Photo: ©Krisanne Johnson
Photographer Krisanne Johnson has been awarded the 2010 W. Eugene Smith Grant, a $30,000 prize, to support continuing work on “I Love You Real Fast,” a project she began in 2006. The project examines women coming of age in Swaziland, where rates of HIV/AIDS infection are among the highest in the world. In accepting the grant, awarded last night at a ceremony at the Asia Society in New York, Johnson said the funds will allow her to return to photograph long-time subjects who are approaching the projected end of their life expectancy: age 31. The $5,000 W. Eugene Smith Fellowship was awarded to Dominic Bracco for his project, “Life and Death in the Northern Pass,” an examination of daily life in Ciudad Juarez, Mexico.
At last night’s ceremony, Sebastian Junger, author of War and co-director (with the late photographer Tim Hetherington) of the award-winning documentary Restrepo, gave the keynote speech for the presentation, quoting his friend Hetherington about why “photography is more powerful than guns. Junger also announced that, in the wake of Hetherington’s death in in Libya in April, that he had decided to launch a new program to train journalists in life-saving first aid techniques. He said “Tim might have been savable” if someone with medical training had been nearby.
For more on the Smith Grant, the list of finalists for this year’s grant, the jurors who selected the grant winners, and the winner of The Howard Chapnick Grant, read our full story on PDNOnline.com.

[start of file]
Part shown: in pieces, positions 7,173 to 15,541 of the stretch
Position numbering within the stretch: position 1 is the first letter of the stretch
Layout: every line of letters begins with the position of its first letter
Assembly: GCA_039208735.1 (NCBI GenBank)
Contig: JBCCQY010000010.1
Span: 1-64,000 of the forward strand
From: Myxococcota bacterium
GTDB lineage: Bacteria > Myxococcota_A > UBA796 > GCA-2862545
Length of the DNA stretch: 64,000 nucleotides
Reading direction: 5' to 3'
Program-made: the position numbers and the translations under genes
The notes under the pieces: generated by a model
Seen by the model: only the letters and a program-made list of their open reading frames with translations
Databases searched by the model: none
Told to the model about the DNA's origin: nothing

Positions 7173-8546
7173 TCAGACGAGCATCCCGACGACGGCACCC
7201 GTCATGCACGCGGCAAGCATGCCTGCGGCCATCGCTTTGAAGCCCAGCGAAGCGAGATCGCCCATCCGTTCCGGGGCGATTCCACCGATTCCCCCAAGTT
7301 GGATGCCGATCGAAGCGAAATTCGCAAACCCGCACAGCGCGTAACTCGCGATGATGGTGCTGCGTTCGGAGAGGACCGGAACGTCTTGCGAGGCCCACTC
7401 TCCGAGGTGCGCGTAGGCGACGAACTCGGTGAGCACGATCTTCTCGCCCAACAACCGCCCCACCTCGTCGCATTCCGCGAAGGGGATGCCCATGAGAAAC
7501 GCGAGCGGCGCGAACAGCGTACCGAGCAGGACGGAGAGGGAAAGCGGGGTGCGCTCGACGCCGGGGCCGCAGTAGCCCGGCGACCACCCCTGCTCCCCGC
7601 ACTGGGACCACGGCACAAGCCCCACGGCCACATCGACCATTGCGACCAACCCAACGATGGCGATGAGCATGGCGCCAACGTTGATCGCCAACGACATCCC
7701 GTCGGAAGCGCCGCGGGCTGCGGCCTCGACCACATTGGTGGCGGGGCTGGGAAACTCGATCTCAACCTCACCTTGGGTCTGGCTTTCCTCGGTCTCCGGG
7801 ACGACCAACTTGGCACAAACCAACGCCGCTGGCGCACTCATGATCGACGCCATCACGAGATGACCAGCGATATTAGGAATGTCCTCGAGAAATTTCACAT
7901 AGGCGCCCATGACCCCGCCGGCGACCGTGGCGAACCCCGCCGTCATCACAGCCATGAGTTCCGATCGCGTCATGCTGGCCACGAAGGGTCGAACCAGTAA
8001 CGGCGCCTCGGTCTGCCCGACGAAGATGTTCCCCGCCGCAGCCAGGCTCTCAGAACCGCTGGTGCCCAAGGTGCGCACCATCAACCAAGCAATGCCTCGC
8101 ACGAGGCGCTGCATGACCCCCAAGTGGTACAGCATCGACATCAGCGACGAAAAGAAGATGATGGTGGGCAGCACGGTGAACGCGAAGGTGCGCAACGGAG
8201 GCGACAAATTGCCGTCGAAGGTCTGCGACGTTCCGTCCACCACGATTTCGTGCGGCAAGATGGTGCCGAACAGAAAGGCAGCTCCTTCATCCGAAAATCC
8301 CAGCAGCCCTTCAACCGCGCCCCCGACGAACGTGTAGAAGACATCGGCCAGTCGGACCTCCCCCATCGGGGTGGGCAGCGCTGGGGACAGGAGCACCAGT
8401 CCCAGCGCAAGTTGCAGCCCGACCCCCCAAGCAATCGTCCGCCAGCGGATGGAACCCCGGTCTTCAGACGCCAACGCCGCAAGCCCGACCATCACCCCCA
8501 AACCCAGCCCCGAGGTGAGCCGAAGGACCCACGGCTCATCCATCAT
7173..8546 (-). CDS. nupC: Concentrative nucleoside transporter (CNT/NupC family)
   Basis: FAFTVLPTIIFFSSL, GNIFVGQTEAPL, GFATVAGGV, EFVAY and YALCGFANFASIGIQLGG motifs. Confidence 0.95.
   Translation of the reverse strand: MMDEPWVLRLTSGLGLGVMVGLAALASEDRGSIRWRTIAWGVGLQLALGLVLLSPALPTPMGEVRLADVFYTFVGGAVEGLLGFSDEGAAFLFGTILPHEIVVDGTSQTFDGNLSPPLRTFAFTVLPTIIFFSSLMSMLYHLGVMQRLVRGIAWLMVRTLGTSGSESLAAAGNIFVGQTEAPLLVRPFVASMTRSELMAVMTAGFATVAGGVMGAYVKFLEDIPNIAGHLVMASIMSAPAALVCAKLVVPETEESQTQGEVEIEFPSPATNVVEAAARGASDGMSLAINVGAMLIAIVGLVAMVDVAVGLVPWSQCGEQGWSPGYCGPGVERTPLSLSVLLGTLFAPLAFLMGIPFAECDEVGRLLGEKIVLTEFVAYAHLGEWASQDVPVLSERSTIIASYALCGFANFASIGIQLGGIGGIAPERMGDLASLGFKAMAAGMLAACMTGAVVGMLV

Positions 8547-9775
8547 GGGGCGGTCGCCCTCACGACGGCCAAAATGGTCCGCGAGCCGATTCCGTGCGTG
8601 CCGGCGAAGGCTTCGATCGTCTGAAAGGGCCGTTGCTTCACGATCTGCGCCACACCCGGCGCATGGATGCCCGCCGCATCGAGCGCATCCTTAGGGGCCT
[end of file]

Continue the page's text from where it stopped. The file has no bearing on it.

South African photojournalist Brent Stirton’s grisly image of a de-horned black rhinoceros, killed by poachers in South Africa’s Hluhluwe Imfolozi Park, won him Wildlife Photographer of the Year honors in the annual competition sponsored by the Natural History Museum, London. Stirton was honored Wednesday evening in a ceremony at the Natural History Museum. His image... More ›
German photographer Andrea Grützner has been awarded the €10,000 ($11,848.50 USD) Jury Prize of the 2017 ING Unseen Talent Award. Robin Lopvet has won the Public Prize, which comes with a commission to create new work for the ING Collection. The three finalists for the awards are Belgium photographer Tom Callemin, UK-based photographer Alexandra Lethbridge... More ›
Sharafat Ali has won the 2017 Ian Parry Scholarship, the board of the scholarship program announced yesterday. Ali, who is based in Kashmir and covers conflict, politics, faith and daily life in the region, won the Award for Achievement for his work on anti-India protests in the region. Ali and three other finalists will receive cash awards of... More ›